Exploring design and creative movements in Milan
Last week, over six days, some 350,000 people from all around the world descended on Milan for the annual Salone del Mobile – all with a shared passion for visual culture and ready to soak in the creative spirit of the world’s biggest design fair. In its 56th year, this is where you can see the latest furniture and product designs, spot new trends, and take part in discussions on creativity.
The main venue at the Milan Fairgrounds exhibition hall takes a more traditional route – hall upon hall are lined up with pavilions showcasing work by big manufacturers and smaller suppliers. Increasingly it is the sister exhibition Fuorisalone, away from the Salone and on the streets of Milan where the fun begins. Here, around pockets of this vibrant city, shops, boutiques and smaller galleries, churches and old palazzos become public galleries for the week, showing exciting conceptual work by established and emerging designers.
Milan’s dynamic architectural backdrop offers an extra visual layer. Few urban settings have such a collage of architecture – where futurist and narcissistic buildings from the Mussolini era sit happily with charming and crumbling old palazzos and decorative courtyards, gritty post-war brutalist structures, and contemporary builds with gardens rising high in the sky.
We spotted some beautifully crafted work, imaginative furniture and objects, as well as contemporary solutions. With younger creatives, there was an undeniable nod to the hand-made, to a more artisanal approach to making. A young duo in the Brera district, Lilo and Martino Saccani, were creating the most delicate of graphic art and illustration using only an old traditional typewriter. Elsewhere, with its cross-cultural approach, fusing Asian sensibility, craft and progressive design, Stellar Works showcased a beautiful collection by designers Crème, Neri&Hu, Space Copenhagen and Yabu Pushelberg at their pavilion on via Tortona.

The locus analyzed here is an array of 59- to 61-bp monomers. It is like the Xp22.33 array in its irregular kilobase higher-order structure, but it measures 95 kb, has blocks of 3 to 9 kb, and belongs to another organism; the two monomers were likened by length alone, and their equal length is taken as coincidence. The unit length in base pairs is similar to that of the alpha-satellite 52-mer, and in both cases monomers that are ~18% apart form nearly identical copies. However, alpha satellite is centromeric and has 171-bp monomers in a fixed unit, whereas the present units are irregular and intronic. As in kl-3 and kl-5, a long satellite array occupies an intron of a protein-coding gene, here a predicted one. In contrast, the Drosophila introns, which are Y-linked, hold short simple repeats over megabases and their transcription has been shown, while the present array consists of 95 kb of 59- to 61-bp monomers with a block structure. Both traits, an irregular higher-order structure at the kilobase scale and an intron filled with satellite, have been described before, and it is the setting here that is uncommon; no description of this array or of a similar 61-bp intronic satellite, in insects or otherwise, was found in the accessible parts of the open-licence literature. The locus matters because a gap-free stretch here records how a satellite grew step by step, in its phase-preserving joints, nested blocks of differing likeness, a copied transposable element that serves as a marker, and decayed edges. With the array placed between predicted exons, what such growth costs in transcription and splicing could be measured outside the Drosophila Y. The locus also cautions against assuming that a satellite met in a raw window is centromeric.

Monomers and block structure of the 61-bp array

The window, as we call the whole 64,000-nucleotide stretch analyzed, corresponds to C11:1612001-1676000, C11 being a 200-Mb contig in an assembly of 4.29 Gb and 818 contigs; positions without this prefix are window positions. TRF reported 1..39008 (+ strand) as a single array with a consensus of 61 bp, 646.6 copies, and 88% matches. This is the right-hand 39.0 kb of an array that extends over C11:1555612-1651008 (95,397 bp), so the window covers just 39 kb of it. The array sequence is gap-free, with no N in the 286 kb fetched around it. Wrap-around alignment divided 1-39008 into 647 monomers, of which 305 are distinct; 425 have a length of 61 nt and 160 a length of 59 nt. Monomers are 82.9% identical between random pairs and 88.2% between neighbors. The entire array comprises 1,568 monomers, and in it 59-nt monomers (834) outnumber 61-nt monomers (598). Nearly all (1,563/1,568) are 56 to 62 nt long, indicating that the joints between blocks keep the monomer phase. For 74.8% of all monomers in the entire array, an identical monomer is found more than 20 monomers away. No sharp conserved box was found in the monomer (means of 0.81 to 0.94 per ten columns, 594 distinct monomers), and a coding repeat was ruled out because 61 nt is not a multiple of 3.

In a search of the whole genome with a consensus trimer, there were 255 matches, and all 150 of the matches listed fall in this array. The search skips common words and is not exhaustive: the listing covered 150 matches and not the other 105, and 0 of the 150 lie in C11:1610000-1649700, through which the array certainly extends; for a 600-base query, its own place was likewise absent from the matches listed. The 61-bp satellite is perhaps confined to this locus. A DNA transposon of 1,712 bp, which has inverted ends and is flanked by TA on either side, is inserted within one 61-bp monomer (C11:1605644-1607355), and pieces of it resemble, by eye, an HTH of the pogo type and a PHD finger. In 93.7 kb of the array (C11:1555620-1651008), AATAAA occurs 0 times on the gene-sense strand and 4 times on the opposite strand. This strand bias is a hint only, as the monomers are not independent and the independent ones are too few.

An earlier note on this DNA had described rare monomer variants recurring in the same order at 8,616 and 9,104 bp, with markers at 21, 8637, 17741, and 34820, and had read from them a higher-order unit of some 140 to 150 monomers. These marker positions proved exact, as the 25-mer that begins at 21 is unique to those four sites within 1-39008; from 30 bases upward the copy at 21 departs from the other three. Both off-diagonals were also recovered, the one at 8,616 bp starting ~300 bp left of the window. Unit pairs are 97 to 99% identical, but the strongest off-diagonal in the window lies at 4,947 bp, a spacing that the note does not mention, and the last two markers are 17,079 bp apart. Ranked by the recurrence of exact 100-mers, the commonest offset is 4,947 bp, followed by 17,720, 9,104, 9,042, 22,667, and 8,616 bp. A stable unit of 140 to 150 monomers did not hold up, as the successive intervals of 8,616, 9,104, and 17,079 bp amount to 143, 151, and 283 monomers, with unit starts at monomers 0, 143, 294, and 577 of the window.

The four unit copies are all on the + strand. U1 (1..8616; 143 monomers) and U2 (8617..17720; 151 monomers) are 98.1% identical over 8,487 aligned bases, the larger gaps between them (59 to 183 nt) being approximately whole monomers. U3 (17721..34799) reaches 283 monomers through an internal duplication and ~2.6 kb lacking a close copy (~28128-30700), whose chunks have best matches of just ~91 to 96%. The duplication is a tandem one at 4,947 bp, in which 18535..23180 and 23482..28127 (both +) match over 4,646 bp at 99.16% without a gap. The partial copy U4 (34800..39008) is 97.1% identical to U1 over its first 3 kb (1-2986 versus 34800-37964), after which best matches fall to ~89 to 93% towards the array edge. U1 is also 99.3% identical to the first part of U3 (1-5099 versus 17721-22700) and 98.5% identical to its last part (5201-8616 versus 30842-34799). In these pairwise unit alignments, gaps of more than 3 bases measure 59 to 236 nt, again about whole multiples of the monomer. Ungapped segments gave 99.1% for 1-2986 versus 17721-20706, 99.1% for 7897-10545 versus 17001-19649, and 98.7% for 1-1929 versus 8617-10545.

On a more conceptual level MINI Living – Breathe really stood out for addressing the quality of urban life for the new generation. MINI has been exploring the theme in an on-going series of architectural collaborations as a way of feeding ideas back into the company on urban life, and the role of the car within this context.
Here MINI worked with New York architects SO-IL to create a residential home concept. Breathe is a provocative installation that sets out to amplify our awareness of our physical surroundings and the environment in general. The clever mesh skin is semi-transparent, flexible, and self-cleaning; it also filters the air and floods the building with natural light. The occupants are at once connected to natural resources – to sunlight through the mesh, to water that gets collected on the roof, and to air that is purified by the façade. The building is also prefabricated and, following the Milan debut, will be dismantled to be reassembled in another city.
During our time in Milan, we witnessed the building change shape and mood, the city’s light and life creating different environments within the building as day turned to night. We caught up with SO-IL principal Ilias Papageorgiou who says: ‘We see this as an opportunity to reflect on such pressing issues as the sustainable future of our cities and this idea of conscious living.’
Over at La Triennale di Milano and as part of the Lexus design awards, Pixel by a young Japanese spatial architect Hiroto Yoshizoe also works with using light and shadow to evolve a space and create various moods and environments. His is a mesmerising installation that could have practical applications too. ‘As a pixel wall, it can have so many scenarios,’ Yoshizoe told us. ‘For instance, in an art museum the objects on display can be seen outside so the building can light up the environment, much like a lantern.’
Elsewhere, Jaimie Hayon added a layer of playfulness to the event. The Spanish designer’s Stone Age Folk saw meticulously handcrafted multi-coloured high-grade engineered quartz by Caesarstone imbedded with metal and stained glass, all against the magical backdrop of Palazzo Serbelloni. The multi-room exhibition featured a carousel as a centrepiece in the ballroom for an altogether fantastical world inspired by animal kingdom and folklore.
Finally, at UniCredit Pavilion, in an appropriately Pop-coloured themed event, Fiat heir Lapo Elkann unveiled BMWi MemphisStyle based on the i3 and i8 progressive and sustainable cars. Crafted by his Garage Italia Customs in Milan with the guidance of Italian designer Michele de Lucchi and help from BMW, these bespoke art cars celebrate Milan’s provocative Postmodern 1980s movement and its champion, the Memphis Group.< Back